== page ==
100 years of Delhi: Focus on heritage in Lutyens zone
NEW DELHI: While the legacy of the capitals of the Mughals, the Lodis, the Tughlaqs right up to the Delhi Sultanate period forms much of the shared heritage of the city, very little is talked about of the heritage aspect of British capital of New Delhi.
As it completes 100 years of being the capital, heritage experts want to bring New Delhi to the centre of the public consciousness by introducing the concept of heritage walks in Lutyens zone.
Heritage conservation group INTACH has been prolific in using the tool of heritage walks, and has conducted guided tours in past months in and around the heritage-rich areas of Lodi gardens, Sultan Garhi, and Mehrauli, among others.
Now, its Delhi chapter is planning to take the concept to the New Delhi, the last capital in present-day Delhi which has been home to seven major capital cities, dating back 3,000 years to the time of Indraprastha.
In a city which dates back to at least three millenia, 100 years is hardly history. Nevertheless, the youngest capital zone of Delhi, does make for a remarkable heritage in itself.
"As 100 years is hardly considered history, no one has looked at New Delhi from the perspective of a heritage area," A G K Menon, convener of Intach's Delhi Chapter says.
"New Delhi is now just nearing the 100-year age mark and we need to focus on it as a centre of rich heritage," he said.
Commensurate to this need, the experts associated with INTACH are preparing the contours of heritage walks in New Delhi.
The British capital, the foundation of which was laid in December, 1911, was planned by two leading 20th century British architects - Edwin Lutyens and Herbert Baker - who embedded it with Victorian style grandeur.
The grandeur is visible in the magnificence of the Rashtrapati Bhawan, the Parliament House, the North and South Blocks - the seats of the Indian government, besides the India Gate, the residential zone of white bungalows and the commercial centre of Connaught Place.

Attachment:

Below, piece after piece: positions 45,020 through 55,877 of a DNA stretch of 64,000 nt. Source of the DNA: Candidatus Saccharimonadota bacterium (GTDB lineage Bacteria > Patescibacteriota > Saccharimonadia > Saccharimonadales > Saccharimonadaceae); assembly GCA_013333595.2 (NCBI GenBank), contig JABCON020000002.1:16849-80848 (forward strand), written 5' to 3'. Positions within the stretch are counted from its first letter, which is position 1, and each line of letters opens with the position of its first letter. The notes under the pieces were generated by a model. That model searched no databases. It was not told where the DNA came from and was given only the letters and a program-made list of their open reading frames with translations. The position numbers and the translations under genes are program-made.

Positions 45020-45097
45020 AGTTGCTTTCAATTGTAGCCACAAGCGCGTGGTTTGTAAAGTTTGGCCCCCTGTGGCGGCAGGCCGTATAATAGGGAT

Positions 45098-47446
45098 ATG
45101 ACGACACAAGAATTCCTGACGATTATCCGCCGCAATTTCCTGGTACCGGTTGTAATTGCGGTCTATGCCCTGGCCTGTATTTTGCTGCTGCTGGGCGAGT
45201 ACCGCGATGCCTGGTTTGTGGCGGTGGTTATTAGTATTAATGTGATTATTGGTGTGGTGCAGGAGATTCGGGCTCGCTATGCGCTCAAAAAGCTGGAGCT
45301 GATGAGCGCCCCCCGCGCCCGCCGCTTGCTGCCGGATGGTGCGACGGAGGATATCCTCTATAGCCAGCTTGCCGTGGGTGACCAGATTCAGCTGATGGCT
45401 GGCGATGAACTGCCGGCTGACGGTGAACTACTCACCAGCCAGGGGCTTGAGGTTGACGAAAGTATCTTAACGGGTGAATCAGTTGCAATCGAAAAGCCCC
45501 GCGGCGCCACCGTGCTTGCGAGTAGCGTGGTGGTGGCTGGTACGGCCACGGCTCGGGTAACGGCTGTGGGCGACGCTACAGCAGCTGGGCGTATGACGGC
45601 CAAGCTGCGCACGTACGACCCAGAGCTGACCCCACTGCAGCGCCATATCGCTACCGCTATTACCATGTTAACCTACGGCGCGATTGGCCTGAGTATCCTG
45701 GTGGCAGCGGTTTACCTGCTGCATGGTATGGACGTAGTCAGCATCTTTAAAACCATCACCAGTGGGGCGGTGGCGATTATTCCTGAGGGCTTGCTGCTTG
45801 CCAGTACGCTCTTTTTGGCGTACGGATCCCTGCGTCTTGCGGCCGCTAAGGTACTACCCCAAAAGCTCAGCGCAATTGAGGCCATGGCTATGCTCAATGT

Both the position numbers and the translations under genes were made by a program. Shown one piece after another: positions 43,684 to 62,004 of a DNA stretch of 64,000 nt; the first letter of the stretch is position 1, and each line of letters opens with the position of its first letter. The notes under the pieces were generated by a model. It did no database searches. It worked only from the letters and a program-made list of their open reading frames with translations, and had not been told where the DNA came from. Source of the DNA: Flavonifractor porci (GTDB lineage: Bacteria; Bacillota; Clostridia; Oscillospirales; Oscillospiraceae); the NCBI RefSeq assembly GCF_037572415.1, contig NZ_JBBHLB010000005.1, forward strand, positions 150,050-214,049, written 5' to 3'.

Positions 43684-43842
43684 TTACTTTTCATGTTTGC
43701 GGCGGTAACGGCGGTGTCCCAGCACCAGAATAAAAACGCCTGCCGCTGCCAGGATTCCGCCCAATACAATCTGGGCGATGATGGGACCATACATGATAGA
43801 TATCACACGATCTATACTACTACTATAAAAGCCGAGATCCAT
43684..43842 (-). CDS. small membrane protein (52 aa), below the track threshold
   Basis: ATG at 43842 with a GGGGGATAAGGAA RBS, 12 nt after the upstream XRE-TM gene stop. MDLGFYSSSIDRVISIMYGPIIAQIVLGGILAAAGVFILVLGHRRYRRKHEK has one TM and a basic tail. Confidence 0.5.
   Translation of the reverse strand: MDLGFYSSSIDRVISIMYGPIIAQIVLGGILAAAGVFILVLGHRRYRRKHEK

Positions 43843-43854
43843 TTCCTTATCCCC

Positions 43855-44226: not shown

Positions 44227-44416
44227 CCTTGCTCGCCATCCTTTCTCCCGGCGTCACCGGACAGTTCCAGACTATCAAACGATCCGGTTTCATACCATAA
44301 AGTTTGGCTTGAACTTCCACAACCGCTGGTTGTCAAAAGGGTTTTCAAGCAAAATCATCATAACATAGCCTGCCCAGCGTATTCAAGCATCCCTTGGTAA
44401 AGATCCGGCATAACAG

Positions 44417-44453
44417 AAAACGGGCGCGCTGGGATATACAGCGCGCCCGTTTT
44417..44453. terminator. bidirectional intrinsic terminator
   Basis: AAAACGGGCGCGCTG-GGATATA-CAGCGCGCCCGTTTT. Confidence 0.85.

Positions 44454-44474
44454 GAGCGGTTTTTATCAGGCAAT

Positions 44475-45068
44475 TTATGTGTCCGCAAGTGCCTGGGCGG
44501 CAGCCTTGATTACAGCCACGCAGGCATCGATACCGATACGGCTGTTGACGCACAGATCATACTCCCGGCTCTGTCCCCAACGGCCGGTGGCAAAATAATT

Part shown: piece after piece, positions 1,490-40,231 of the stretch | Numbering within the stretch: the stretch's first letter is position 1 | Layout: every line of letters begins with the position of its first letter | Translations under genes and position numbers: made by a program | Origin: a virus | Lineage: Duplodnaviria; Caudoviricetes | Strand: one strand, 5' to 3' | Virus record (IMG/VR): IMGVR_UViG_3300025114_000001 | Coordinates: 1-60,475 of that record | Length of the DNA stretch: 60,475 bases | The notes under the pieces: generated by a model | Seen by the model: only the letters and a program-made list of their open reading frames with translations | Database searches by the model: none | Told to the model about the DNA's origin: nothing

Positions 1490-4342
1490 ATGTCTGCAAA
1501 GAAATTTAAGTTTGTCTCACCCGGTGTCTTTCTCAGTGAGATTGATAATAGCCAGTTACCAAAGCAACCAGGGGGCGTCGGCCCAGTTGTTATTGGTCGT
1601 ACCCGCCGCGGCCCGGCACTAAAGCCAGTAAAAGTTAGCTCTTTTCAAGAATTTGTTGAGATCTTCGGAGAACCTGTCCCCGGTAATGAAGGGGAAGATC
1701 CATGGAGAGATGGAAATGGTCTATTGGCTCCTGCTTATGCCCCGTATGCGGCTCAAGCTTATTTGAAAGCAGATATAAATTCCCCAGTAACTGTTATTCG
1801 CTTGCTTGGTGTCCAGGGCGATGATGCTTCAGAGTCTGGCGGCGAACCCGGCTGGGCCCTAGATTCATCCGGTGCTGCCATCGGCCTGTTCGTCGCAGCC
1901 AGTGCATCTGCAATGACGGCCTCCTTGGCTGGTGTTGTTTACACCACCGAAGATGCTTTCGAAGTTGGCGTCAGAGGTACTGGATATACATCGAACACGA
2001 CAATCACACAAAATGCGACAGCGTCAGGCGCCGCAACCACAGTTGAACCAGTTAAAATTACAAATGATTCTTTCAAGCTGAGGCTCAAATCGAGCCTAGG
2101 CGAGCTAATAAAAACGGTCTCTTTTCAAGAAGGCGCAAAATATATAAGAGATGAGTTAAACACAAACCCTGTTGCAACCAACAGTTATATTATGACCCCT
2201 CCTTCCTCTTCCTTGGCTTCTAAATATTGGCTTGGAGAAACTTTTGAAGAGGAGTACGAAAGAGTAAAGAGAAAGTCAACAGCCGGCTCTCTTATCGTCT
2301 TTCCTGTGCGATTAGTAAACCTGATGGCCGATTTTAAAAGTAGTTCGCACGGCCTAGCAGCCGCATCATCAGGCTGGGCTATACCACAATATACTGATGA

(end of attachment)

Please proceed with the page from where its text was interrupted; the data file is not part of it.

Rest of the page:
The heritage walk along the Lutyens zone - often associated with the present day power centre - will focus on the significance of this part of Delhi and the facts behind its planning.
"If I tell a lay man that New Delhi's planning was derived from the Garden city movement, he or she not understand much. We will have to tell people what the Garden city movement was and how it influenced the construction of New Delhi.
"This will be our focus, to make people aware of the significance of New Delhi, about the principles that guided its construction," Menon says.
Garden city principles, a method of urban planning where cities were planned as self-contained communities surrounded by greenbelts or parks, greatly influenced the design of colonial and post-colonial capitals during the early part of the 20th century, including New Delhi.
The heritage tour of New Delhi will try to cover the monuments, buildings and residential spaces in the region and given the vastness of the area, tourists might also be taken for a bus ride.
"The monuments of New Delhi have been remarkably preserved. The buildings and the mounments remain largely in good shape and the only thing that is worrisome for now is that the trees are growing old," he says